Sunday, November 29, 2009

Pumpkin Pie, what does it take? Pt. II (a.k.a. Epic Failure)

Did I eat this for breakfast this morning?
Of course I did. I also had another piece right after it.
Was it delicious?
Um, well it had hints of what a pumpkin pie should taste like.
Am I embarrassed that I failed on so many fronts of the pumpkin pie making process.
Yes, yes I am.

Let me just come out and say that I think I am a fairly good baker. I'm not going to win any awards, or anything, but I can whip up sugars, fats, and starches into a side of something you would be happy to have with your coffee. What I have never been able to master to a sufficient level, however, is a good pie crust. I've been making them for years and years, and yet, there is something about the simplest of recipes that I cannot master. I was determined that for this pumpkin pie, I would finally bake a pie crust even Midwestern grandmothers would be proud to claim as their own.

Except, this happened...

What the what? That is my "pie" seconds before it is supposed to go into the oven. Do you see my sad, shriveled crust? Do you see the weird, white foam on top of the filling? Do you see my look conveying disappointment, disbelief, and utter uncertainty? I'm not sure I've made a pie this dreadful since I was a kid.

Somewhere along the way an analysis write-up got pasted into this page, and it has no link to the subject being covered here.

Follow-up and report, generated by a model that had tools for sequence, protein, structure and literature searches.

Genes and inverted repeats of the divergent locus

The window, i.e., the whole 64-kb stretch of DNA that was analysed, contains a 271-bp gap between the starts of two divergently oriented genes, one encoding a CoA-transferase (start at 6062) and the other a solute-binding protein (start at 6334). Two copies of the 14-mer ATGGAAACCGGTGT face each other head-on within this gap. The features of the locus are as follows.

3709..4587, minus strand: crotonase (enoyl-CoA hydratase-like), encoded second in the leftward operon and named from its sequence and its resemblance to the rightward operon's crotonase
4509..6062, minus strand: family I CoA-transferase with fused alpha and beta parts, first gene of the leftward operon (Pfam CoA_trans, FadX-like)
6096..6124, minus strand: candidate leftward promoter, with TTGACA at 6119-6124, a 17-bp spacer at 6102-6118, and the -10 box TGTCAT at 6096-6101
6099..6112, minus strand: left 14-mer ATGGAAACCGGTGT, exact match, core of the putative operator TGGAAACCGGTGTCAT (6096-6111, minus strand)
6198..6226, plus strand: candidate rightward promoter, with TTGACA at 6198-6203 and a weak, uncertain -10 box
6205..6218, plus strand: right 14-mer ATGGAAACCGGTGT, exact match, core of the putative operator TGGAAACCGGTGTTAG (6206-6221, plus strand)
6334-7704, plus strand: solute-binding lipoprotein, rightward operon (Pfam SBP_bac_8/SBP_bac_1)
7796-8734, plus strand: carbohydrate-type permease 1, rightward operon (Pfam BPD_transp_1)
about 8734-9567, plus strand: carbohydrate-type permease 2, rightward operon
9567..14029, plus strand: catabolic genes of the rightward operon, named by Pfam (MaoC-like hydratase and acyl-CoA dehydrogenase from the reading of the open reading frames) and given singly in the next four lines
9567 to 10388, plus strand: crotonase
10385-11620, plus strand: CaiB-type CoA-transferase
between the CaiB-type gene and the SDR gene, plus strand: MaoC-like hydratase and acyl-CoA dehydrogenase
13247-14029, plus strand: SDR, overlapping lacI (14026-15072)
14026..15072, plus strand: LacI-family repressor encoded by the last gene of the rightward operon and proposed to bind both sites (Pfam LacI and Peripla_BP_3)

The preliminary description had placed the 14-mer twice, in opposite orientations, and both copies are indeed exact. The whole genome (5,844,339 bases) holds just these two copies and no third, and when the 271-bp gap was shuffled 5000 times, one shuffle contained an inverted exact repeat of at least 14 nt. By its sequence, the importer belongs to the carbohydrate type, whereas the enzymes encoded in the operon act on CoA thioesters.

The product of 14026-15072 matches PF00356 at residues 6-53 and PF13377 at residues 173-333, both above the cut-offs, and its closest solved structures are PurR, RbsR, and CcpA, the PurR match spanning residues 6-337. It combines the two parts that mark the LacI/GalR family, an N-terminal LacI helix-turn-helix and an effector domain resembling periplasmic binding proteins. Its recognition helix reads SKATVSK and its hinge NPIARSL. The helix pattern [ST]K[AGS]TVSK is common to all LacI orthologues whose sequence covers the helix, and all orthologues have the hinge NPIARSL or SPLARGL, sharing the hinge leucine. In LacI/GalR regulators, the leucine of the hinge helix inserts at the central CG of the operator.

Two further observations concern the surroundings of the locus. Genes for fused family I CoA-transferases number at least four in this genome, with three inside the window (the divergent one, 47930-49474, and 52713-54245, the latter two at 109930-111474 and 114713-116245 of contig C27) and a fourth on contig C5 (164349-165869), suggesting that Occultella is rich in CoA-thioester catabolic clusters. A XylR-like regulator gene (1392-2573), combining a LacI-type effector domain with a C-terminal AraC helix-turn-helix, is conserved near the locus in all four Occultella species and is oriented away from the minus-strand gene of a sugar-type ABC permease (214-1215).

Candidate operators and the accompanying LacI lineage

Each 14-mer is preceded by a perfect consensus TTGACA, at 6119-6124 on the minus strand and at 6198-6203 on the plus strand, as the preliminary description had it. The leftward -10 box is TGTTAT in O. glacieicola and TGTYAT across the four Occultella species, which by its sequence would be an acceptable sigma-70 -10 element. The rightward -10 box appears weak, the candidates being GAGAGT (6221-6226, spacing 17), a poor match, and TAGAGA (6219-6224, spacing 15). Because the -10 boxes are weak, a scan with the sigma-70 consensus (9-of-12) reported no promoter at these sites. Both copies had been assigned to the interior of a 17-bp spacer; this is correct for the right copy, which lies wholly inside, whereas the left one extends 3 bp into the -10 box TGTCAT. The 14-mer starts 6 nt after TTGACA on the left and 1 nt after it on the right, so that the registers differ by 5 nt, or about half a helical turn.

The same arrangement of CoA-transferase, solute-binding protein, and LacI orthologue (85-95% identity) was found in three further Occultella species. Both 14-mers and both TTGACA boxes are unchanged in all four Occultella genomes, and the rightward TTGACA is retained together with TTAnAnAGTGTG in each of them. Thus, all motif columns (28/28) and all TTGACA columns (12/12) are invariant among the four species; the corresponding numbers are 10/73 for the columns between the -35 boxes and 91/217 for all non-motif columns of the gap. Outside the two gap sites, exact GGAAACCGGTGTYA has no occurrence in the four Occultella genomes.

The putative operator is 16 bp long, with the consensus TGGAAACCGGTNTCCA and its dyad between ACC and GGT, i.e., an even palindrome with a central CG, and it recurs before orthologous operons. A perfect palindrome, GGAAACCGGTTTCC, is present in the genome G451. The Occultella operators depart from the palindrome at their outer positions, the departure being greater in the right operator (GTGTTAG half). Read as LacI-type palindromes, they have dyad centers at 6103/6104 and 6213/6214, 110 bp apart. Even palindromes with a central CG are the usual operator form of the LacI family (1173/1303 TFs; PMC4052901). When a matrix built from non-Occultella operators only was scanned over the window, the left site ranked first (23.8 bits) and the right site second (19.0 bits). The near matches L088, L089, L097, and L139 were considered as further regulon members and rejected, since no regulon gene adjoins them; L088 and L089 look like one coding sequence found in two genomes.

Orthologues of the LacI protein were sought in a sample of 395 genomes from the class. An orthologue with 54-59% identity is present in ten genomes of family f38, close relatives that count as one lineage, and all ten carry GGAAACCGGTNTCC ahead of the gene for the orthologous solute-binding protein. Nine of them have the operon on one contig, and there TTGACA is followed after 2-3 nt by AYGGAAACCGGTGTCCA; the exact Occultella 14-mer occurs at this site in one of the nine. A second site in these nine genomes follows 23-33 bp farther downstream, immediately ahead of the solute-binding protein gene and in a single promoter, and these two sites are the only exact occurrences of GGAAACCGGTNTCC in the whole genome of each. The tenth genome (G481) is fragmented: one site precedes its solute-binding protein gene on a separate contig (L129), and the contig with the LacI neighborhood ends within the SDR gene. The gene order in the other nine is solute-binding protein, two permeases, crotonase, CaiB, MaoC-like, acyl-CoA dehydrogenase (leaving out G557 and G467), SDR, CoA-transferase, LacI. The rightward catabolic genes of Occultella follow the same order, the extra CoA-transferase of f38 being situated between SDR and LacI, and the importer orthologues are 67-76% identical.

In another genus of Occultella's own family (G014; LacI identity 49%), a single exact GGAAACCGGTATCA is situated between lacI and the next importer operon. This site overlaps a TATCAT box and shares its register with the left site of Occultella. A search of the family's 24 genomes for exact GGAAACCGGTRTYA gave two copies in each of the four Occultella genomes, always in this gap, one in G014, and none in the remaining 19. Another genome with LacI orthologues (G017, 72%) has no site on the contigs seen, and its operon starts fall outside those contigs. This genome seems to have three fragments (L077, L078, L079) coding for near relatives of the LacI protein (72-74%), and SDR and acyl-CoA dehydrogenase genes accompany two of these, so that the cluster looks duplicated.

For this recipe I perused my many online haunts, read through some of my cookbooks, and on a whim consulted Incidentally, I have lost much of my faith in that website, and am not sure I'll be able to visit it again for several months. But I will get to that in a moment.
In the end, I decided to partially bake the pie shell before adding the filling. Why? Because all these "experts" told me to. I've always just followed the back of my Libby's can for pumpkin pie, because I'm lazy like that, but this time I just had to get all fancy with my fancy fresh puree and my fancy European butter.
Well, that decision really bit me in the ass, most likely because I have neither pie weights nor a jar of pennies. In order for your crust not to puff up and then collapse into your beautiful pie plate (thanks for the earthenware, Mom and Dad!), you have to weight it down. The experts at told me I could use dried beans or rice to do the deed. And since we all know where this post is going, we all know that those experts at the website can suck it, because they were wrong. After rolling out the dough into almost a perfect circle, placing it in the pie plate, refrigerating and then freezing the plate, I set several cups of rice on top of the now aluminum covered pie shell. Twenty-five minutes later, I peeked in to check on the crust and uncover it for the last five minutes to get that beautiful golden color, and I see the horror of a ruined, wrinkly pie shell underneath all that rice.
There I was on the verge of tears because the crust was kind of ruined, and I didn't have enough time to make another one. So, I decided to roll with it and hope for the best, knowing that it wouldn't be the most delicious crust I've ever made. The only other problem with the pie was the filling.